≡ Menu

Terms of Use

Be honest with me here.

When you create an account on a web site, or perhaps install some new software on your computer, how often do you actually take the time to fully read and understand the Terms of Use before clicking OK and getting on with using the resource?

Yeah, that’s what I thought.

Oh, I’m sure there are a few out there who will scrupulously review the Terms of Use with a fine-tooth comb, and if they’re not comfortable with what they find, they won’t participate. (As an example, I know of individuals who refuse to join Facebook for that very reason.)

But really, honestly, I am willing to bet that most of us quickly skim through the Terms of Use at best, and at worst, dismiss them unread with an impatient, “Yeah, yeah” and virtual flick of the wrist before blithely clicking OK and going on our merry way.

Part of the problem, of course, is that in many cases the Terms of Use are written in such a way that one requires a law degree in order to interpret the fine print legalese, and since in many cases we don’t have such specialized knowledge, we give up trying to understand what it is we’re accepting and decide to go ahead and take a chance, assuming that everything will be just fine.

We quickly move on from this momentary hiccup and start using the resource, and discover to our delight that we absolutely love it. We pour our time and energy into it, developing and customizing and tweaking and thoroughly enjoying ourselves, continually grateful that someone out there created something so wonderful, so lovely, expressly for our use.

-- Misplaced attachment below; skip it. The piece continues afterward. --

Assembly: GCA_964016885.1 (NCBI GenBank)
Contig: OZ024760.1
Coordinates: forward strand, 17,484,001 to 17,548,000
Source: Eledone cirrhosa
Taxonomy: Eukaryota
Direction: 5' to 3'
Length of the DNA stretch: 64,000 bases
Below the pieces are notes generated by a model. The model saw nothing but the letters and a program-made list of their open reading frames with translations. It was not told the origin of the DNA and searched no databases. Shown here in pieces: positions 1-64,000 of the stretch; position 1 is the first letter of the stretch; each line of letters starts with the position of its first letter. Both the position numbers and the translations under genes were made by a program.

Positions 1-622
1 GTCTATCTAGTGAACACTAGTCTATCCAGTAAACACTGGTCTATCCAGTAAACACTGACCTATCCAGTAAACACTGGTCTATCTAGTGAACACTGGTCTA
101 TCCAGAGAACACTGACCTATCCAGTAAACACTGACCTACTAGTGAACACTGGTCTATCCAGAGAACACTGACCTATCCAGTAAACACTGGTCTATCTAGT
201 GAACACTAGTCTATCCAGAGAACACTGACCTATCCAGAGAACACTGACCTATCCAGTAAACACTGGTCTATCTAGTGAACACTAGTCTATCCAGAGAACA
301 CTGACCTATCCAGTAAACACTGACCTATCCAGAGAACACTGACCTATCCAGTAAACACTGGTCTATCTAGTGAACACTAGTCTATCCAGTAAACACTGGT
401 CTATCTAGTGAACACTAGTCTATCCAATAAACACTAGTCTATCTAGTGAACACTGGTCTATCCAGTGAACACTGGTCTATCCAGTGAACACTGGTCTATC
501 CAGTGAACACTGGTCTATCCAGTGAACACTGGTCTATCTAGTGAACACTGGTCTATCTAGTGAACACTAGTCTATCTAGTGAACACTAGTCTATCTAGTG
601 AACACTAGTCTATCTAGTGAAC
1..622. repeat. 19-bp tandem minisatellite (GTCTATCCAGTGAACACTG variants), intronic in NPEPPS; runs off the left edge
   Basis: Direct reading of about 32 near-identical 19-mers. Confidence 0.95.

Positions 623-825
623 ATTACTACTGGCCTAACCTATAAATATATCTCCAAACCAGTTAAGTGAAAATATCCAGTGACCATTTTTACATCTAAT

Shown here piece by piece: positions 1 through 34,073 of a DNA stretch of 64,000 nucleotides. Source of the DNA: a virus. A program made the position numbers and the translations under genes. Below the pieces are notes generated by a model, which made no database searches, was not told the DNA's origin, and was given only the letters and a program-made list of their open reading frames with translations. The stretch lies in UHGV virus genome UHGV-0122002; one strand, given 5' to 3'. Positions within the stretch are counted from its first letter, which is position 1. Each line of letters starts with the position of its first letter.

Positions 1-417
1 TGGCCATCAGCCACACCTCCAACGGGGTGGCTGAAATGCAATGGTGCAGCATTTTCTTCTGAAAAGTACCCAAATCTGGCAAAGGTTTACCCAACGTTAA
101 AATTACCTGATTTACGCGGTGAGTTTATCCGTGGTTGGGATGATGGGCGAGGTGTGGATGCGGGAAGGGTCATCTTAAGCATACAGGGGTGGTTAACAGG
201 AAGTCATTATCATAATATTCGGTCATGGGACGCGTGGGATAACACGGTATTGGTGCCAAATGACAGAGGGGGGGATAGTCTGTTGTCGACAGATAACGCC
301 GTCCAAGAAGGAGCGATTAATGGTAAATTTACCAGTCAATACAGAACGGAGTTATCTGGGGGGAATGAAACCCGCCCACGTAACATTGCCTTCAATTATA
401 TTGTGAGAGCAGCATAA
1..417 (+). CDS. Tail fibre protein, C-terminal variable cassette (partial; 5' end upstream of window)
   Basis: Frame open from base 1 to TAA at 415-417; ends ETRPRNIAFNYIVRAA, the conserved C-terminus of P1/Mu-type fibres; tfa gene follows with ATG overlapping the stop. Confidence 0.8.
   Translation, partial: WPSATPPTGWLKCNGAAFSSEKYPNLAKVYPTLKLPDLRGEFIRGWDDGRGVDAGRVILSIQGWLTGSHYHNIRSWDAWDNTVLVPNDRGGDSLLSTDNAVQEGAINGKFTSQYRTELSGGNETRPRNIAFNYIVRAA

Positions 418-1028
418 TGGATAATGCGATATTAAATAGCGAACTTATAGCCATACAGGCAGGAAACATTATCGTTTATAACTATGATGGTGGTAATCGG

Then, then, someone with the right knowledge actually does take the time to read the Terms of Use, sees flashing red warning lights, and shares their concerns with the rest of the internet. As do many hot topics, it makes its way to your Facebook news feed, where with a sinking heart you read the headline:


You know you should click the link, but you really, really don’t want to because you’re afraid of what you might find.

But you do click it, and you do read it, and then you, too, tearfully delete your much-cherished Pinterest account.

And even though it’s just a silly web site, and even though you were living a perfectly fine life before it came along, your heart breaks a little.

Laurel Storey, CZT – Certified Zentangle Teacher. Writer, reader, tangler, iPhoneographer, cat herder, learner of French and Italian, crocheter, needle felter, on-and-off politics junkie, 80s music trivia freak, ongoing work in progress.